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Comic Genius

by Eva Pasco

 

Archie ComicsGrowing up during the Sixties, one of my favorite adolescent pastimes was that of reading. I plowed through both the Nancy Drew and Donna Parker mystery series, amassing quite a collection of books to stuff on the shelves of my mahogany bookcase. I’d sign out library books about foreign countries, and checked out The Wizard of Oz several times in succession so I could follow the yellow brick road over and over to The Emerald City. Whenever I became bedridden with bouts of the measles, chickenpox, or influenza, I got hooked on Archie Comics.  

 

The Archie Comics is one of the most successful, longest running brands in the history of the comic industry. Its characters were created by publisher/editor John L. Goldwater, based in part on people met by Goldwater in the  Midwest during his travels while looking for jobs and places to stay. Eventually shortened to “Archie,” the series is set in the town of Riverdale whose authentic geographical location is unclear, though best guestimates are Haverhill, Massachusetts during the early years, and the Bronx in New York.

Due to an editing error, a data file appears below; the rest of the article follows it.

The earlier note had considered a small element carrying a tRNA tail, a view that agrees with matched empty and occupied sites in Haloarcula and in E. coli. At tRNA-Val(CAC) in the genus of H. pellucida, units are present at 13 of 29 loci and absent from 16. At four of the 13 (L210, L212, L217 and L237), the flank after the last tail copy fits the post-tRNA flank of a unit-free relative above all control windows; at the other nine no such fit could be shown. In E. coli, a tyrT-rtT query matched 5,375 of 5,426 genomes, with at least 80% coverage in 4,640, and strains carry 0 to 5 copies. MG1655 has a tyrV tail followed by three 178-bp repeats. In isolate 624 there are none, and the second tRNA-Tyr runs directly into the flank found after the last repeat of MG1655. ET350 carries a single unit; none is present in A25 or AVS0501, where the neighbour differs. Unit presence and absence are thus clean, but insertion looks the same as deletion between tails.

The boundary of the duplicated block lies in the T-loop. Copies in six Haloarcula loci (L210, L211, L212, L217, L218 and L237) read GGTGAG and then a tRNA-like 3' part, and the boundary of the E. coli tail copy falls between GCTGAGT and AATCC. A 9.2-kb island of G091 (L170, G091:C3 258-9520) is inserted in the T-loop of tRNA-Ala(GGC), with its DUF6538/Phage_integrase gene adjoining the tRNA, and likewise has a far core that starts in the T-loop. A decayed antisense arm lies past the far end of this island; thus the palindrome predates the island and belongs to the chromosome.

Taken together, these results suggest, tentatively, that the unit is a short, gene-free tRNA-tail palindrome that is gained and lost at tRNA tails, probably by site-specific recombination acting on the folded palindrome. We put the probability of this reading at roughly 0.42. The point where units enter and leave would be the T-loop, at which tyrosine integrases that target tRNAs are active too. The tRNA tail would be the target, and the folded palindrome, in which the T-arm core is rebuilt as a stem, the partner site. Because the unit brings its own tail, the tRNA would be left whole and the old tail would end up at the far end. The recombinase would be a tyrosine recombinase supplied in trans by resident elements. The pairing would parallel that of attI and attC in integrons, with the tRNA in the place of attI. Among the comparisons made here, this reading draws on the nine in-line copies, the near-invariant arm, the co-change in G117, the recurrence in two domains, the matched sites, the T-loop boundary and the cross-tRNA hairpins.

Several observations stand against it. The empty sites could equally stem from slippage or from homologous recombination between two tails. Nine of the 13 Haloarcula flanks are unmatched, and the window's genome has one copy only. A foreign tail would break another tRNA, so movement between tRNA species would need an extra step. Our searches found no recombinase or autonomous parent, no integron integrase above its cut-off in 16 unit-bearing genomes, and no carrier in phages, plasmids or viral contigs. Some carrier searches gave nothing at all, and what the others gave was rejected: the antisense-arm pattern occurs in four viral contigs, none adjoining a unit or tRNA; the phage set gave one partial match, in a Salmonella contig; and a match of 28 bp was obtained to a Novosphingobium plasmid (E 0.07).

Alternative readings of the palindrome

The main cast of comic characters includes: 

 

Archibald “Archie” Andrews—red-headed teenager with an avid interest in girls; clumsy and accident prone. 

 

Veronica “Ronnie/Ron” Lodge—dark-haired, spoiled and snobbish rich girl; Betty’s best friend and rival for Archie’s affections. 

 

Elizabeth “Betty” Cooper—blonde, girl next door type, good student, athlete, and auto mechanic; obsessed with Archie. 

 

Forsythe Pendleton “Jughead” Jones III—sarcastic, obsessed with food, lazy, indifferent to girls, knowledgeable on a wide variety of subjects; Archie’s best friend. 

 

Reginald “Reggie” Mantle III—self-confident, practical joker, popular with the girls; Archie’s rival in sports and pursuing Veronica. 

 

I’d sit propped up in bed against two pillows waiting for my dad to come home from work with some surprise to cheer me up and alleviate boredom.  There was no shortage of stuffed animals, costume jewelry rings, or Archie comic books—usually two.  I suppose I enjoyed Archie so much because the series enabled me to hover on the edge of becoming a teen, and gloat whenever Veronica’s schemes backfired.  In truth those prototype characters materialized into flesh and bones walking the corridors of Lincoln High, inciting probable cause to gloat when good guys finished last.

 

 

 

Click the book images to order your copy of the books.

 

Underlying Notes by Eva Pasco  An E. Quiche by Eva Pasco

 

 

 Signed copies of the Paperback, 40 % off suggested retail, may be acquired at the Authors Den Signed Bookstore via Eva’s web page: http://www.authorsden.com/evapasco

 

 

 

 

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